COVID-19 Updates: Read our blog for useful informaton about commercial, employment and family law issues.

Can a Purchaser recover their Deposit?

Andrew Grima

Given the reported increases in construction companies entering into administration or 'going under' , it's likely there will be more instances (and disputes) of purchasers seeking to recover their deposit under a Contract for Sale and Purchase of Land.

Usually a purchaser who is unable to complete their contract will forfeit the entirety of their initial deposit (eg. 10% of the price), however there are exceptions under section 55 of the Conveyancing Act 1919 (NSW) where a purchaser can successfully recover their deposit, like in the case of Nicholas Arthur Stokes v Molly Harris Toyne. As will be shown, for a purchaser to successfully recover their deposit there must be exceptional circumstances.

Key legislation

In brief, section 55(2A) states that "in any proceeding for the return of a deposit, the court may, if it thinks fit, order the repayment of any deposit with or without interest thereon".

Key principles

In the Stokes case, Justice Rees held the following from Havyn Pty Ltd v Webster (2005) to be authoritative:

"The purchaser must… do more than merely show that the deposit that has been forfeited… will… result in a windfall to the vendor as will usually be the case. The court should not take an approach to ordering the return of deposits… which weakens the proper functioning of a deposit in providing a sanction so that purchasers treat the making and completing of contracts with due seriousness".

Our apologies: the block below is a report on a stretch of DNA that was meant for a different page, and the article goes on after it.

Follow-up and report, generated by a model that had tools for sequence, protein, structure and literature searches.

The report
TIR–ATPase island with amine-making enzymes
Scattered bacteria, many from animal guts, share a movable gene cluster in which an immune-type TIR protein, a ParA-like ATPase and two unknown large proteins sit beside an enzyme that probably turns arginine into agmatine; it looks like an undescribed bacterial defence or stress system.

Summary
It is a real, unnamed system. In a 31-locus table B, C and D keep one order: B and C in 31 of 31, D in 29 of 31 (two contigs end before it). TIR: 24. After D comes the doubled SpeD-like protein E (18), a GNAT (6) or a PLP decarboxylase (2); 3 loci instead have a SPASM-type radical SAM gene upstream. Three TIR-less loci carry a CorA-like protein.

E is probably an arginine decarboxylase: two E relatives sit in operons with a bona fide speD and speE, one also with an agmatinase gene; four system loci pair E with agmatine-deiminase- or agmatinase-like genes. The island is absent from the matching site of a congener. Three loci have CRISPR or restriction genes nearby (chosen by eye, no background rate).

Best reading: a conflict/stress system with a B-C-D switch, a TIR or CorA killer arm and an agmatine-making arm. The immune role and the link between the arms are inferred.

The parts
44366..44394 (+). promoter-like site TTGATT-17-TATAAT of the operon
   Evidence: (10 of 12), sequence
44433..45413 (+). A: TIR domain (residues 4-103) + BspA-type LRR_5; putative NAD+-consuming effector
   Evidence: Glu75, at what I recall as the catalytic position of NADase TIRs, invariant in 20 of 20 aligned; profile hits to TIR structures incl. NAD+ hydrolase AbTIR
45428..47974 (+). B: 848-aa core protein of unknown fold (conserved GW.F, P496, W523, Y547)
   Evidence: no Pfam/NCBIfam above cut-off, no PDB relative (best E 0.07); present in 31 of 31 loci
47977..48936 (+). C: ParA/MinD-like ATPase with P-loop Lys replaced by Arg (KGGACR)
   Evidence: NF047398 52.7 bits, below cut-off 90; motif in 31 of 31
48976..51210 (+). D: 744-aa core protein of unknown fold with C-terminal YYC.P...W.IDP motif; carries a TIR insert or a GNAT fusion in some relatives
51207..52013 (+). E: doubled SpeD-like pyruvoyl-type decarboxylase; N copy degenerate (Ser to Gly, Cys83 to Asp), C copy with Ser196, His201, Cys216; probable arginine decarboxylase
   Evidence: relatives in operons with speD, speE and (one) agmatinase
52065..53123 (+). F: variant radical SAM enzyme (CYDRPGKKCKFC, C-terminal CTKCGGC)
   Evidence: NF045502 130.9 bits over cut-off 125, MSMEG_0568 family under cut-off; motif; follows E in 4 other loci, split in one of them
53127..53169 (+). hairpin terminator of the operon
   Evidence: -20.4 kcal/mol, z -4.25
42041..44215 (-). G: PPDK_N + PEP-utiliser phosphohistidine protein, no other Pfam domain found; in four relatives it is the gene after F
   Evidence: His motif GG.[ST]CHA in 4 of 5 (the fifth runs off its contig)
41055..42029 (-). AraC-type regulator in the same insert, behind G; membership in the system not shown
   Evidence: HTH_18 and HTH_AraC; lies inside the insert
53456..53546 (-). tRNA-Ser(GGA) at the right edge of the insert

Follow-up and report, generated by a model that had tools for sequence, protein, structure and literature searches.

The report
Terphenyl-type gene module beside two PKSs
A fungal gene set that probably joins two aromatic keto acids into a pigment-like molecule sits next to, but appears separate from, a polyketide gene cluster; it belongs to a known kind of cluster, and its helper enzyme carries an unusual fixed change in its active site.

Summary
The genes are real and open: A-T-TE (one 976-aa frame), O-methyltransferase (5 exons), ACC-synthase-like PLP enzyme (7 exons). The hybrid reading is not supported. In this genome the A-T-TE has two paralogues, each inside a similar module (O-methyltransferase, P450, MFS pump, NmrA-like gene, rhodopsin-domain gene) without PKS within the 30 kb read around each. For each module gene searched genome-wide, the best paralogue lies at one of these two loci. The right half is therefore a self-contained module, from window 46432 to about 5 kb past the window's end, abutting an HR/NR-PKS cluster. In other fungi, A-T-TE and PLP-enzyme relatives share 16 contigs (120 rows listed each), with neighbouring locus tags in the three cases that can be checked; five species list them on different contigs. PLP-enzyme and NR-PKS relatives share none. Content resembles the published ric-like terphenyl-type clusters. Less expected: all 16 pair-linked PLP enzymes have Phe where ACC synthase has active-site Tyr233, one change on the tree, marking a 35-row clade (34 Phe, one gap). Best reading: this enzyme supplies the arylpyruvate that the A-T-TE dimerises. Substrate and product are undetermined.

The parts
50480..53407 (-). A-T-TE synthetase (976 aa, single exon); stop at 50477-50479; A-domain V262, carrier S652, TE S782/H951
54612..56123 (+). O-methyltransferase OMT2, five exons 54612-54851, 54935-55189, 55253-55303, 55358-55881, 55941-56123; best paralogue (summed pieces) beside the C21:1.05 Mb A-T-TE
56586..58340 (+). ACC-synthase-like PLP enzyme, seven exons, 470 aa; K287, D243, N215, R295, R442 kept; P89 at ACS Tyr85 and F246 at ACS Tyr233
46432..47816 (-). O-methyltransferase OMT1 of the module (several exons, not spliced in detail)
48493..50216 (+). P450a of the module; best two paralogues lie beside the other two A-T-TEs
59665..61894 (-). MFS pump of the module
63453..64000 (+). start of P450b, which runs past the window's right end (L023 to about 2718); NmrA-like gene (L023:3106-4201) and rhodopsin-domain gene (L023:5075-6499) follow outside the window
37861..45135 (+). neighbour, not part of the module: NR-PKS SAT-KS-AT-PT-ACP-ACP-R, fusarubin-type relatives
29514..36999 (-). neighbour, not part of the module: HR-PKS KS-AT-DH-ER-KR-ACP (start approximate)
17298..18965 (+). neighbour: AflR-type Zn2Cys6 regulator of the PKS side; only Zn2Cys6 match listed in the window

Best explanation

Justice Rees confirmed that "Ordinarily, developers will find it more difficult to obtain such an order but everything depends upon the facts of a particular case" (emphasis added), and that the issue is "whether, having regard to [all] matters, 'unjust and inequitable consequences' will result from forfeiture of the deposit" (para 23).

Decision and Key Findings

Ultimately, the court ordered that the plaintiff Mr Stokes was entitled to the return of the deposit from the vendor Ms Toyne. Further, the defendant was ordered to also pay the plaintiff's costs.

The court was persuaded by the following factors / particular circumstances:

As the court indicated that usually a purchaser that fails to complete a Contract for Sale and Purchase of Land will not be a "winner" if they recover their deposit, their losses will simply be reduced. If you’re a purchaser who is at risk of losing your deposit and you need an experienced lawyer to review your circumstances and potential remedies, please do not hesitate to contact member of Coleman Greig’s Commercial Property team, who would be more than happy to assist.